Some articles on hooves:

... A hoof ( /ˈhuːf/ or /ˈhʊf/), plural hooves ( /ˈhuːvz/ or /ˈhʊvz/) or hoofs ( /ˈhʊfs/), is the tip of a toe of an ungulate mammal, strengthened by a ... Hooves grow continuously, and are constantly worn down by use ... (such as sheep, goats, deer, cattle, bison and pigs) have two main hooves on each foot, together called a cloven hoof ...
Horse Hoof - Hooves in The Natural State
... Both wild and feral equid hooves have enormous strength and resilience, allowing any gait on any ground ... Thus, it is proposed that other domestic breeds could develop similar hooves if raised under similar conditions ...
Cattle Judging - Judging Cattle - Hooves and Pasterns
... looking at leg structure, the judge then wants to look at the hooves and pasterns ... As the leg structure affects much of the hoof structure, the hooves are very vulnerable ... Hooves need to be of equal size and correct shape ...
Natural Hoof Care - Hoof Health
... The terrain should be varied, including gravel or hard surfaces and a water feature where the hooves can be wet occasionally ... to observe the way in which their natural foraging and roaming affected their hooves ... They noticed that the hooves of these horses had a different configuration from domestic horses kept in soft pasture, having shorter toes and thicker, stronger hoof walls ...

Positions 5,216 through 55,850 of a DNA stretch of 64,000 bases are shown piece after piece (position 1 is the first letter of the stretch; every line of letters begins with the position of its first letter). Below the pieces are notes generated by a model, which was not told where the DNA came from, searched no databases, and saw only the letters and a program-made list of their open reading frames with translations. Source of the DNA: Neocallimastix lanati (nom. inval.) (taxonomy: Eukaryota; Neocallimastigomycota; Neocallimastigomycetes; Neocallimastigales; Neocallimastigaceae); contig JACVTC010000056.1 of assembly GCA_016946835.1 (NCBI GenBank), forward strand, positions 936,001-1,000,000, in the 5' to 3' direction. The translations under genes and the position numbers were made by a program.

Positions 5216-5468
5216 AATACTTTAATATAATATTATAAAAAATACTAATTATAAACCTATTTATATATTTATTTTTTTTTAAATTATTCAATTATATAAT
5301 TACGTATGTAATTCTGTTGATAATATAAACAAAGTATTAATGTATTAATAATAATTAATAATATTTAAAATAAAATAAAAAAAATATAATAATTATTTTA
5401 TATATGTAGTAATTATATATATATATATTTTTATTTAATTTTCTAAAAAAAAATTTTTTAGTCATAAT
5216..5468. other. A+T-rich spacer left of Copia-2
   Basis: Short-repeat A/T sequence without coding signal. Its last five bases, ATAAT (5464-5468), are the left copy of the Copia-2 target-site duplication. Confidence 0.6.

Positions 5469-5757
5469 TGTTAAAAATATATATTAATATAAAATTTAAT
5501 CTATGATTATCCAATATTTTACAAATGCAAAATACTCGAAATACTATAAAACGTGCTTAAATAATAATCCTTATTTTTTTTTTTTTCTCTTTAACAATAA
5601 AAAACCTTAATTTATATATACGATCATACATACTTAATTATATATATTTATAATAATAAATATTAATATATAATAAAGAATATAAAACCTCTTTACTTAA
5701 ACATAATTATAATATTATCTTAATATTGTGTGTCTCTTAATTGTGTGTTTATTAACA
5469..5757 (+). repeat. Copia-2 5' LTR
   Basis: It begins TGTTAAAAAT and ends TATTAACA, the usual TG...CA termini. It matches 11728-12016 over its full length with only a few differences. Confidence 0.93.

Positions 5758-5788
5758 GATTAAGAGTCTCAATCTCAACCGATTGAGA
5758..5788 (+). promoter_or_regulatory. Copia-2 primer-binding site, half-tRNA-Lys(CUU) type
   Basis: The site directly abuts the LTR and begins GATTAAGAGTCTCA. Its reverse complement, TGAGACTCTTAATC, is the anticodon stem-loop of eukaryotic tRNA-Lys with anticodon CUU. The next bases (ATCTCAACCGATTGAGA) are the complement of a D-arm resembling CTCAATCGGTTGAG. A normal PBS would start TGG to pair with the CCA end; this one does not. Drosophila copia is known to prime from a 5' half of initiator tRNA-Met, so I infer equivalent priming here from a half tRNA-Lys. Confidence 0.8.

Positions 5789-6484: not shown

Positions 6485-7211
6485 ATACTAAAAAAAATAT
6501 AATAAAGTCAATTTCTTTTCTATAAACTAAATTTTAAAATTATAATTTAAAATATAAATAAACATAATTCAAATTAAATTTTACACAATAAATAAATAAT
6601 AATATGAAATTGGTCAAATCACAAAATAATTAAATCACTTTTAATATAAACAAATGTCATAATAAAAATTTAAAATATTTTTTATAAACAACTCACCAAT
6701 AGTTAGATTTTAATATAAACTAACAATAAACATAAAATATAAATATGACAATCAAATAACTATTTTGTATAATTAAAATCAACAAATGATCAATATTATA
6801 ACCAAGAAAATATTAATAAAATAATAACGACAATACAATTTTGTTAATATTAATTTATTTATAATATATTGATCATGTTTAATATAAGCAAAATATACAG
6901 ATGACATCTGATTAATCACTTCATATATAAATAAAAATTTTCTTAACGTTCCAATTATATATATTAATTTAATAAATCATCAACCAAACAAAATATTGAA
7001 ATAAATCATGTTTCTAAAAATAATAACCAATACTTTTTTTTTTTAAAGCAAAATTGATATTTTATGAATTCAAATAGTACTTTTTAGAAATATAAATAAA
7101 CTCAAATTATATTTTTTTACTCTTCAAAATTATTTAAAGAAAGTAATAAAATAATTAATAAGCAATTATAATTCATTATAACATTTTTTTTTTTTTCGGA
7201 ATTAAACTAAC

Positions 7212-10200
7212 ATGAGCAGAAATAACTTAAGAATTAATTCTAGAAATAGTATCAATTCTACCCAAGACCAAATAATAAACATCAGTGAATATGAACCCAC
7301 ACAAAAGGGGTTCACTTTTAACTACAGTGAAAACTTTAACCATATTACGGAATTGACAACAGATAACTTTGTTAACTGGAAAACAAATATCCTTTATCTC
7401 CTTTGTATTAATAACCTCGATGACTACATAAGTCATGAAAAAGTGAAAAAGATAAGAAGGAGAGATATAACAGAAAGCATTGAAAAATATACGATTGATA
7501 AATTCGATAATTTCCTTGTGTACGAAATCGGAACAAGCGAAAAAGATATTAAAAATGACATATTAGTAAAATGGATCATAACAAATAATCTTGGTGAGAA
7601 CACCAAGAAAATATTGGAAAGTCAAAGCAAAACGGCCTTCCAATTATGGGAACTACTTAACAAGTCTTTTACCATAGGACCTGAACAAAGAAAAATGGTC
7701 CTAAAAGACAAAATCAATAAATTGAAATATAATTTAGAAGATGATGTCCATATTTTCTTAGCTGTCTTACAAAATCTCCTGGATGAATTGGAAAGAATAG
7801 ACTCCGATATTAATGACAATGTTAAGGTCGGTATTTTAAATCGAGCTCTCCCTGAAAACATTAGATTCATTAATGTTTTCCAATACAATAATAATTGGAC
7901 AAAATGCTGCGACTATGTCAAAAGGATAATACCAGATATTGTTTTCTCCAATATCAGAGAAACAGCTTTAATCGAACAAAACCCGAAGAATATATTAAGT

Cloven Hoof - Cloven Hooves in Culture - Unclean Animals in Religion
... The distinction between cloven and uncloven hooves is highly relevant for dietary laws of Judaism (Kashrut), as set forth in the Torah and the Talmud ... Animals that both chew their cud (ruminate) and have cloven hooves are allowed (kosher), whereas those that have only one of these two characteristics are considered unclean animals and Jews are forbidden to ... the hare because they ruminate but have no cloven hooves, and the pig because it has cloven hooves but does not ruminate ...

Famous quotes containing the word hooves:

    Peering, I heard the hooves come down the hill.
    The posse passed, twelve horse; the leader’s face
    Was worn as limestone on an ancient sill.
    Allen Tate (1899–1979)

    Think, when we talk of horses, that you see them
    Printing their proud hooves i’ the receiving earth;
    For ‘tis your thoughts that now must deck our kings.
    William Shakespeare (1564–1616)

    Your hooves have stamped at the black margin of the wood,
    Even where horrible green parrots call and swing.
    My works are all stamped down into the sultry mud.
    William Butler Yeats (1865–1939)